Large parts of New South Wales, including Mid-North Coast and Hawkesbury-Nepean, are inaccessible after widespread floods
The Insurance Council of Australia (ICA) has declared a catastrophe for large parts of NSW following the devastating storms and flooding of the last few days, after a significant volume and intensity of rain fell, causing damage over a huge area.
Insurers are monitoring the severe weather and flooding currently impacting large parts of NSW, particularly around the Mid-North Coast and Hawkesbury-Nepean, on the fringe of the Sydney metropolitan area. Loss assessors are standing by to move into these communities once the flood waters recede.
The Hawkesbury-Nepean Valley covers around 500 square kilometres from Bents Basin, near Wallacia, to the Brooklyn Bridge. The valley has the highest flood exposure in NSW because of its unique landscape and large existing population.
The Insurance Council of Australia considers the valley to have the highest single flood exposure in New South Wales, if not Australia.
The ICA’s Catastrophe Declaration serves to escalate and prioritise the insurance industry’s response for affected policyholders.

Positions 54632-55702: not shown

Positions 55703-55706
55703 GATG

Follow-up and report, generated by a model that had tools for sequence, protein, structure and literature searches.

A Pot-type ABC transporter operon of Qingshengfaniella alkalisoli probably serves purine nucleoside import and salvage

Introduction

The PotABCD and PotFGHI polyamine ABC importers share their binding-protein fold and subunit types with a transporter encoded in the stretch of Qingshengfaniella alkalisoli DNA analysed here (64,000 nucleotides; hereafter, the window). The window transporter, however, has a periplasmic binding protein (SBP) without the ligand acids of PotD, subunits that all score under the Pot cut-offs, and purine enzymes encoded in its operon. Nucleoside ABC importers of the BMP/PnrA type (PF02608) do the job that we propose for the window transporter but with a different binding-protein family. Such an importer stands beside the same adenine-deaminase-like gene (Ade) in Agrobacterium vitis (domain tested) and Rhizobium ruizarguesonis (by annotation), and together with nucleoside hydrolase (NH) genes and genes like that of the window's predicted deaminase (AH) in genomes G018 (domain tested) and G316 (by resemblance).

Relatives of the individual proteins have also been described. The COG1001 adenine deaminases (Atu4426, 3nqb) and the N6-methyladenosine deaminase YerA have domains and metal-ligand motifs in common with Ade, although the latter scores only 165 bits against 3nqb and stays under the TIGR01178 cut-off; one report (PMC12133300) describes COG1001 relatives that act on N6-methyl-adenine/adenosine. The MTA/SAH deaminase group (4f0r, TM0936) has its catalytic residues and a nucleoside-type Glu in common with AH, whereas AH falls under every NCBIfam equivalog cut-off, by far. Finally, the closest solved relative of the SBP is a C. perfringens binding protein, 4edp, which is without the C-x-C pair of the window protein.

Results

Insurers will continue to monitor the situation in south-east Queensland to determine if a Catastrophe Declaration is required for that area.
Andrew Hall, CEO, Insurance Council of Australia, commented: ”It’s too early to understand the extent of the damage to property in affected areas and to estimate the insurance damage bill, however insurers have received over 5,000 claims in the past few days.”
”The insurance industry has made this Catastrophe Declaration to activate services and support for affected homeowners and businesses and reassure them that their insurer is there to help.”
“As many areas are currently inaccessible due to floodwater, insurers are expecting further claims in coming days as emergency services allow residents to return to their properties to examine the extent of their damage and losses.”
Prime Minister Scott Morrison, whose government has been accused of dragging its feet on climate action, said Australia was “being tested once again” by a “terrible event”.
He told parliament that Australia’s defence force would be called in to assist with the clean-up and recovery.